Astronomic Mysteries

Bardsey Island

Geographic Wonders of Hamlet’s Home

updated 27 July

Here’s how Denmark looks from space

including most of the islands between Denmark’s peninsula and Sweden

(with lines of small clouds scattered across southern Sweden)

If you’re seeing outlines of figures, perhaps heads and/or animals, you might appreciate this site’s musings on this page.

Arrow below points to Helsingør, the capital of Hamlet’s kingdom*

at the closest Denmark gets to Sweden.                  *many centuries ago

See below for why Shakespeare invented the spelling “Elsinore.”

Helsingør is a combination of three Danish words:

Hels throat
sing sing
ør earring

(The surviving descendant of Hamlet’s Kronborg Castle* is at the very tip of Helsingør, occupying Kronborg Point
where Denmark’s shore is closest to Sweden across the Øresund strait, the channel separating the two countries.**

*The Castle page includes detailed maps, pictures of the impressive Renaissance-era castle,
plus links to additional sites, including the Shakespeare festival the castle hosts each summer.

**Also the main ship passage between the North and Baltic Seas. more below)

Apparently those who named this uniquely special geographic site
sensed something musical if not resoundingly ringing, singing there:

— There are also strong currents ever flowing forth from the Baltic, preventing it from becoming far saltier:

If the triangular land mass culminating at Helsingør did not greatly constrict the strait,
Øresund would be by far the Baltic’s main outflow, with much increased opportunities
for oceanic waters to enter it, threatening its relative freshness. —

Could the below anatomic correspondences just be coincidence with where sound flows forth from human beings?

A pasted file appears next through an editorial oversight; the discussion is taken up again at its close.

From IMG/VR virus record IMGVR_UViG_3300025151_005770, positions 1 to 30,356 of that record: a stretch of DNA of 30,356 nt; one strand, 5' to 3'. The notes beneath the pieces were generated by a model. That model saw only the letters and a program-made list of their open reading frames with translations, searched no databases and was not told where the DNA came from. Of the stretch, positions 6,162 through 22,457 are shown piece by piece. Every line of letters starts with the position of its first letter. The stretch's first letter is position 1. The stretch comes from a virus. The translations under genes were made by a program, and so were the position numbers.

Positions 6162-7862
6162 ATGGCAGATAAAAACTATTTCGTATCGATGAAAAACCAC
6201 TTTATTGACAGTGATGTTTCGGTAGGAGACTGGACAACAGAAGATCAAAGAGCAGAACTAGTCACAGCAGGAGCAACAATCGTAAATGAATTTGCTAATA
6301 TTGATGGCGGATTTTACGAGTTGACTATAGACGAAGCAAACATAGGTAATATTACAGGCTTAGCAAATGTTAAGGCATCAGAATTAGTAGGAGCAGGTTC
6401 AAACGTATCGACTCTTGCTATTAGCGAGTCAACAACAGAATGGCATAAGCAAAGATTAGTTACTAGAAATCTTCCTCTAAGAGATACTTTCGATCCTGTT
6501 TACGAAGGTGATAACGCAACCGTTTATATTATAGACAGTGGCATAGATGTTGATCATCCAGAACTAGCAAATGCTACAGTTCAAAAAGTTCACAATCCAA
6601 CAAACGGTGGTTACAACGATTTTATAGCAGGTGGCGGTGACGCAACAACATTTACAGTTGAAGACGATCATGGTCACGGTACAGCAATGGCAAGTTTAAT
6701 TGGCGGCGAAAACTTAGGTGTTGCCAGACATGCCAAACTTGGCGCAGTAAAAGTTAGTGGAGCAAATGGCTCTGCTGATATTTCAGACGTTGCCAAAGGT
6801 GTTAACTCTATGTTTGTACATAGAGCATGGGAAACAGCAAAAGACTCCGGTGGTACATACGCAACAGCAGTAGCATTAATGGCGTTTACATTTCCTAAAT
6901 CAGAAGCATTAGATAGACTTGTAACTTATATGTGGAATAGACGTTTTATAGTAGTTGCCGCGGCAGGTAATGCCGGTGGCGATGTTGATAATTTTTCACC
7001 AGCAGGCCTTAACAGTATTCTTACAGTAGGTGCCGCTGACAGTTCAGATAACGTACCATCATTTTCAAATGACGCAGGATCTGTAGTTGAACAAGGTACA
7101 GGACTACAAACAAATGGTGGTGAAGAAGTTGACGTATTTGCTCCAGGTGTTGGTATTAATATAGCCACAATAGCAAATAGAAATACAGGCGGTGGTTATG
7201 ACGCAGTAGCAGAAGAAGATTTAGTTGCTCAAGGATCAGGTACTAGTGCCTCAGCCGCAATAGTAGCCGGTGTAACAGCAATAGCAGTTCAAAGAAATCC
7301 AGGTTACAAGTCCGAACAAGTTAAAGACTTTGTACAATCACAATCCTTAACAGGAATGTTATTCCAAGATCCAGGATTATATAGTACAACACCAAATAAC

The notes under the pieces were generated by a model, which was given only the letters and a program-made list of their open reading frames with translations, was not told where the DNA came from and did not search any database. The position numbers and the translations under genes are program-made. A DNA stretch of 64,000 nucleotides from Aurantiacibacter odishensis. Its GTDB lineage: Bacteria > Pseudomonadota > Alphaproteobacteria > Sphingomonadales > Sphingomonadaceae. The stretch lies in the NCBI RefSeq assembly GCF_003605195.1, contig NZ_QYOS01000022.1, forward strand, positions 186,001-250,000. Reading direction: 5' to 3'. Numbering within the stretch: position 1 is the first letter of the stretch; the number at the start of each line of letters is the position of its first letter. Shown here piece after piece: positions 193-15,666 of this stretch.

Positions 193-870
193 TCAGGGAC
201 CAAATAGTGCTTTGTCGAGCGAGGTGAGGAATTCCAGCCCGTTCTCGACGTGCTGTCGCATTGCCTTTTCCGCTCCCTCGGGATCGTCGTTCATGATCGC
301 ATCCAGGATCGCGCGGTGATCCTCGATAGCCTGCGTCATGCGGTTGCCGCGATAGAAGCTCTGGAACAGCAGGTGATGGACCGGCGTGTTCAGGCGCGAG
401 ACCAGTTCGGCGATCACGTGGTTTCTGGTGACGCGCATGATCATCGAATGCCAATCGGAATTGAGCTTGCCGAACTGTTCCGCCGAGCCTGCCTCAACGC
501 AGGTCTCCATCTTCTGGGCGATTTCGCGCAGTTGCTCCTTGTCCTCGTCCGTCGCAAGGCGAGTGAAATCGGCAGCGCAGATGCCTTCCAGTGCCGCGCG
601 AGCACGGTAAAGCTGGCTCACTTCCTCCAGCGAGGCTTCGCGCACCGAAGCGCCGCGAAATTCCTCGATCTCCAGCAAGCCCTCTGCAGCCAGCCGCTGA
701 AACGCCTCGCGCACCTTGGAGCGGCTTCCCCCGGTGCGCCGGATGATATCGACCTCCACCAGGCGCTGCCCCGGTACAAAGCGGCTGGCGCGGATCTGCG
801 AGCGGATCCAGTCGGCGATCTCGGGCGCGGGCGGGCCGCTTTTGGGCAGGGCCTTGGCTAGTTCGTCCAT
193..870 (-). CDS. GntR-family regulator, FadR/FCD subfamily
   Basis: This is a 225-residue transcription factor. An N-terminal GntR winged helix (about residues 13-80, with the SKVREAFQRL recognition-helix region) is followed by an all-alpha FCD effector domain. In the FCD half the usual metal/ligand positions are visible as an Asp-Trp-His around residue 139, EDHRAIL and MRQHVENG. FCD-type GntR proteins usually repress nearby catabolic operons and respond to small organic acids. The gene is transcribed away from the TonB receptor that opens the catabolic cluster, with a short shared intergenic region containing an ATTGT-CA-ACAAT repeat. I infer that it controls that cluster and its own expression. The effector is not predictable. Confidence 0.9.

The point at Helsingør restricts flows to keep the Baltic fresh, similar to how
the larynx restricts and modulates flows of air from ones lungs to produce speech and singing.

Helsingør’s Hamlet wonders have also been sounding forth, for more than four centuries now,
thanks to The Bard.

Air exhaled through the larynx also contains pure water vapor, similar to the Baltic’s much fresher waters a small fraction of ocean salinity, especially in its most northern and eastern arms.

Those familiar with spiritual science know animalic astral forces dominate in Earth’s salty ocean ( – yes, there is only one) where even the landscapes are predominantly animals called coral, and plants are almost always brown if not withered like dying leaves.*

Pure water exhaled in human breath has been freed from captivity in the body’s salty inner oceans of blood and lymph.

The Baltic’s much less salty, more plant-like, etheric waters bestow cleansing, purifying, enlivening influences on the ocean.

The Øresund or Ear sound (strait) undoubtedly helps the ocean remain healthy and sound, to some extent.

*in contrast to land where the etheric world of plants dominate
(as do human beings as well).

Why Shakespeare changed Helsingør to Elsinore has been the subject of much speculation.

There are good reasons to think he deliberately employed one of the Hebrew words for God, El.

But he dropped the g as if he did not wish the implication of singing.

Sinor is a Hebrew word for apron. (Adding “e” makes sure English speakers pronounce it with a long “oh” sound, not like “sinner.”)

Apron meanings include an edge or border; an apron one wears is also like a curtain that makes separate what it protects.

Hamlet’s kingdom, its locus, is on the border, the threshold to God, to higher, spiritual knowledge,
to the world of spirit especially Western humanity has become separated from like never before..